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Strawberries for health
Growing strawberries
Variety selection
Pests and diseases
Insect pests
Fungal diseases
Spray timing
 
 
 
 
 
 
 
 
 
 

Strawberries in your garden

The strawberry is a member of the rose family and belongs to the genus Fragaria derived from the Latin, fragare, meaning pleasant aroma. Strawberries originated from six main species, mostly from Europe, North America and Chile.

Strawberries are the most popular berry grown in the world. They are cultivated in most places in the world and world production is estimated at 2.8 million tonnes.

Strawberries for health

Strawberries are primarily eaten for their taste, but they do confer positive health benefits. Strawberries contain very high levels of a compound called ellagic acid, especially in the seeds and leaves, but the compound is also present in useful amounts in the fruit. Ellagic acid has a wide range of biological activity including anti-carcinogenic and anti-mutagenic properties.

Strawberries are also high in Vitamin C, Vitamin K and fibre and contain useful amounts of Vitamins B1, B5 and B6, and potassium, folate, manganese, magnesium, iodine, biotin (a B group vitamin) and tryptophan (an essential amino acid for human nutrition).

Red-fleshed strawberries are also moderately high in anthocyanins. Anthocyanins are powerful antioxidants that are beneficial in protecting against a range of cancers and heart disease.

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Growing strawberries in the home garden

In the home garden, strawberries can be grown in containers, in hydroponic systems, or like the commercial growers do, in soil. Do not grow strawberries following solanaceous crops such as potatoes or tomatoes as these crops encourage the build-up of root diseases such as Verticillium sp. to which strawberries are very sensitive.

Fruit coming into contact with soil will rot. Straw is commonly used but any material such as plastic, newspaper or clean bark can be used.

Strawberries are rich in nutrients and these originate from elements in the soil. Feeding the soil with the nutrients removed by the plants while growing and fruiting is a key component in sustainable production systems.

Remove runners from the parent plants as these compete with fruit production.

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Variety selection

Choose a variety known for its suitability for the area and resistance to pest and disease attack. For some areas, this may not be well known, but neighbours or garden centre staff may be able to suggest suitable varieties.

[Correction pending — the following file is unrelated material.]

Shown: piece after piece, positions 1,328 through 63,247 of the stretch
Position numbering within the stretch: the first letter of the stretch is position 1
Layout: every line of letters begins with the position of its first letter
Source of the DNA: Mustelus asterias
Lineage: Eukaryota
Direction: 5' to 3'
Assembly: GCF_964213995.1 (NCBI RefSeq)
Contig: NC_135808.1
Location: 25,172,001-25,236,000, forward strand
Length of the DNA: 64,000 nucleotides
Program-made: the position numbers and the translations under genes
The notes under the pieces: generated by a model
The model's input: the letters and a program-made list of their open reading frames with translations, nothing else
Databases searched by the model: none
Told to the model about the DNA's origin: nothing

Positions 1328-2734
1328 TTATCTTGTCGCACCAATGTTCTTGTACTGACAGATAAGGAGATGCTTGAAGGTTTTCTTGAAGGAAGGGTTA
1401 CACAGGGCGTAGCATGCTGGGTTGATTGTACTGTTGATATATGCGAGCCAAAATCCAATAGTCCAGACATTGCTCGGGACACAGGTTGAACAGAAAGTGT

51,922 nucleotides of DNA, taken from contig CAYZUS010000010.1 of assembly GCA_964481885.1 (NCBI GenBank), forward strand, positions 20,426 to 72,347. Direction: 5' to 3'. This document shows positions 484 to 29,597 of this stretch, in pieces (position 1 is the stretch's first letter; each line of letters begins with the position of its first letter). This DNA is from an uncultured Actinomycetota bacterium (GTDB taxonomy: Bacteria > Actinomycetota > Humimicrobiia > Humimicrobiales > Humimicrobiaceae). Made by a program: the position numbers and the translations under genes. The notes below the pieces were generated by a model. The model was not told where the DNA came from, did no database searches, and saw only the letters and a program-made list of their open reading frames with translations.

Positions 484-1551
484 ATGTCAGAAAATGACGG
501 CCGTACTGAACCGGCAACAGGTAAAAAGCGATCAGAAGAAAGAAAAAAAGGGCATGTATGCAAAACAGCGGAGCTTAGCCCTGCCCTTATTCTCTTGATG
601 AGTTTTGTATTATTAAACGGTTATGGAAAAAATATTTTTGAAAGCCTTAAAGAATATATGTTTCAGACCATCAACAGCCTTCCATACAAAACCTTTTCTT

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Pests and diseases of strawberries

 

Insect pests

Sucking insects (aphids, thrips and leafhoppers)

Control options:

1. Do nothing. This encourages ladybirds, lacewings and other natural controls.
2.

Chemical controls. Use chemicals that are:

  • safe to the applicator
  • not persistent in the environment
  • control the pest target but have minimal effect on other species
3. Management controls. Start with clean plants so insects are less likely to be carrying diseases.

 

Root feeding insects

Grass grub can be a major problem with strawberries. Management control is desirable, e.g., controlling the pest by encouraging birds and rolling at its source usually surrounding lawns.

Mites
Buying high health plants and not using chemicals that can affect natural predators are the best control options.

Slugs and snails
Drowning in beer, or using baits that are harmless to hedgehogs and other predators are effective controls.

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Fungal diseases

Botrytis

The disease carries over on old leaves, so starting with clean planting material and removing any dead and dying leaves and rotten fruit throughout the season is a key part of managing botrytis.

Mycosphaerella leaf spot (frog’s eye)

High infection levels result in smaller fruit with less flavour. Encouraging air movement around the plants will help prevent germination as this disease also needs high humidity.

Anthracnose

Can cause black spots on leaves and leaf stems and occasionally crown rot, but the main problem is black fruit rot. Removing old plants before planting new ones should ensure that the disease does not spread from these.

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Spray timing

Unnecessary spraying leads to resistance build-up and possible residue problems. Decisions about the need to spray should be based on what is happening in the strawberry plants, rather than what is written in a book, or what was done last year.

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